Rice Bran Fiber found to bind effectively to toxic Polychlorinated Biphenyls (PCBs) more than other tested natural substances

image_pdfimage_print

A polychlorinated biphenyl (PCB) is an organic chlorine compound that were used as lubricants and coolants in transformers, capacitors, and electronic equipment because of a high resistance to heat.

Unfortunately PCBs do not break down in the environment and bio-accumulate in animals and humans due to it being a very stable compound. 

As a result, and because of PCBs’ environmental toxicity and classification as a persistent organic pollutant, PCB production was banned from use in the US in 1979 by the Environmental Protection Agency (EPA). However, due to the persistence of PCBs in the environment, PCBs continue to leach into soil and groundwater from hazardous waste sites and landfills.

Humans are exposed to PCBs through our food chain by eating fish, meat and dairy products.  PCB’s are fat soluble and are not excreted by the body but instead are stored in fat cells, resulting in accumulations of PCBs over a lifetime.  This long term bio-accumulation increases a person’s body burden of PCBs.

A number of symptoms in humans of PCB exposure have been identified:

  • Severe acne
  • Rash
  • Eye irritation
  • Liver damage
  • Weakened immune system
  • Chemical sensitivity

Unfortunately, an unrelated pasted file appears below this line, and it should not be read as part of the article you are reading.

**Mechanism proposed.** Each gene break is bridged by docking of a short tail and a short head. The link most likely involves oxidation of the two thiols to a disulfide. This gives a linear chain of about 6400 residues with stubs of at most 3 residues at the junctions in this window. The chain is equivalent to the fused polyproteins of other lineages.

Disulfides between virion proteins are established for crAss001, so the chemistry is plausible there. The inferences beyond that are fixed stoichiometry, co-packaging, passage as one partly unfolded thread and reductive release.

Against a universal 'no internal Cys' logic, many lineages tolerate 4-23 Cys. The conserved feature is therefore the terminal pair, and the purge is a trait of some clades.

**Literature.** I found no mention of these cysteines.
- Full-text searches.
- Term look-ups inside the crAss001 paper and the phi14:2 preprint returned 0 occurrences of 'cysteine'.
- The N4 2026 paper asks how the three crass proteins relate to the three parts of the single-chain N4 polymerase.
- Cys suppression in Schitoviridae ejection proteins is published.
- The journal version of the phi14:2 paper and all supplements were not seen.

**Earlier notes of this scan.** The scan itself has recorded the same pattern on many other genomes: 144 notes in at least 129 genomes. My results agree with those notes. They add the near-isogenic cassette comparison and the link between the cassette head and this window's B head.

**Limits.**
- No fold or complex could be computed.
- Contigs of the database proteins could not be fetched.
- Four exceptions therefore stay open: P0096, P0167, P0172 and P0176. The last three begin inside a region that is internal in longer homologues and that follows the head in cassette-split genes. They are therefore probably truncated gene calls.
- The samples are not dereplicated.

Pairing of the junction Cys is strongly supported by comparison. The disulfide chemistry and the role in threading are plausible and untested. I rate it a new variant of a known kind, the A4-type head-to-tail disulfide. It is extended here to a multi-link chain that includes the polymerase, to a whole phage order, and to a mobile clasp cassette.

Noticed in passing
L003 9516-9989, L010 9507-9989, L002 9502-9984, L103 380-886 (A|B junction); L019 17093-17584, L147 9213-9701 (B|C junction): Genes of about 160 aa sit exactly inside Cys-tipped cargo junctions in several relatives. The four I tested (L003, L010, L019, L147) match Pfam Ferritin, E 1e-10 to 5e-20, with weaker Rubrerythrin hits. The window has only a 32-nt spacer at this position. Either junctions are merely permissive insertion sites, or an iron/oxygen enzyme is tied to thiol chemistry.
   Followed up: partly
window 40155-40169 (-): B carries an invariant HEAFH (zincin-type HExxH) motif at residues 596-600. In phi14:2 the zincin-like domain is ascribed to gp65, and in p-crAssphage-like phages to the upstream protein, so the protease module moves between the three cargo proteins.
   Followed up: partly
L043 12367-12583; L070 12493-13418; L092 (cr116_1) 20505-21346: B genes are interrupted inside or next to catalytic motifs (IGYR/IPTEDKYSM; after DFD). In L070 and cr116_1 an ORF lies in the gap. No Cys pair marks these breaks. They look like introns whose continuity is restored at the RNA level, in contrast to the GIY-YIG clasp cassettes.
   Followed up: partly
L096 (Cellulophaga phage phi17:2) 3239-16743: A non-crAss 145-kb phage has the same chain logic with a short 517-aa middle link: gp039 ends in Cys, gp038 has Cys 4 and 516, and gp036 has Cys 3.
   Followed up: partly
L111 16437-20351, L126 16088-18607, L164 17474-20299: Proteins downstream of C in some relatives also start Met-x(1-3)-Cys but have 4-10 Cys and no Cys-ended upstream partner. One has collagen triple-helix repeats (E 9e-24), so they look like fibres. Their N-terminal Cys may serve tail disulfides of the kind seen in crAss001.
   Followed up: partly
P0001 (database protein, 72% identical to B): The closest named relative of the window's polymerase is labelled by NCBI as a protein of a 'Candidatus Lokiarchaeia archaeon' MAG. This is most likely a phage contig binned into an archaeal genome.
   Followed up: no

• Allergies
  • Obesity
  • Fatigue
  • Certain cancers
  • Developmental disorders

  

You can test for PCBs in your blood from Genova Diagnostics (GDX):

Polychlorinated Biphenyls (PCBs) Profile

A study published in the Journal Of Nutritional Biochemistry in January 2005 found that rice bran flour (RBF) was effective in binding and accelerating the fecal excretion of polycyclic biphenyl (PCBs), polychlorinated dibenzofurans (PCDFs), polychlorinated-p-dioxines (PCDDs) and various mutagens and carcinogens.  RBFs binding effects were related to its high lignan content.  1

Other dietary fibers were testing and compared to RBF.  These other dietary fibers included:

  • corn
  • wheat bran
  • spinach
  • Hijiki (a kind of seaweed)
  • sweet potatoes
  • burdock fibers

The binding effects to RBF and pulp lignin were obtained at ratios of over 90%, while corn fiber and cellulose were at ratios of 4-30%.

It was also found that RBF was capable of binding even conjugates containing mutagens such as glucuronides and sulfates, as well as metabolites in urine.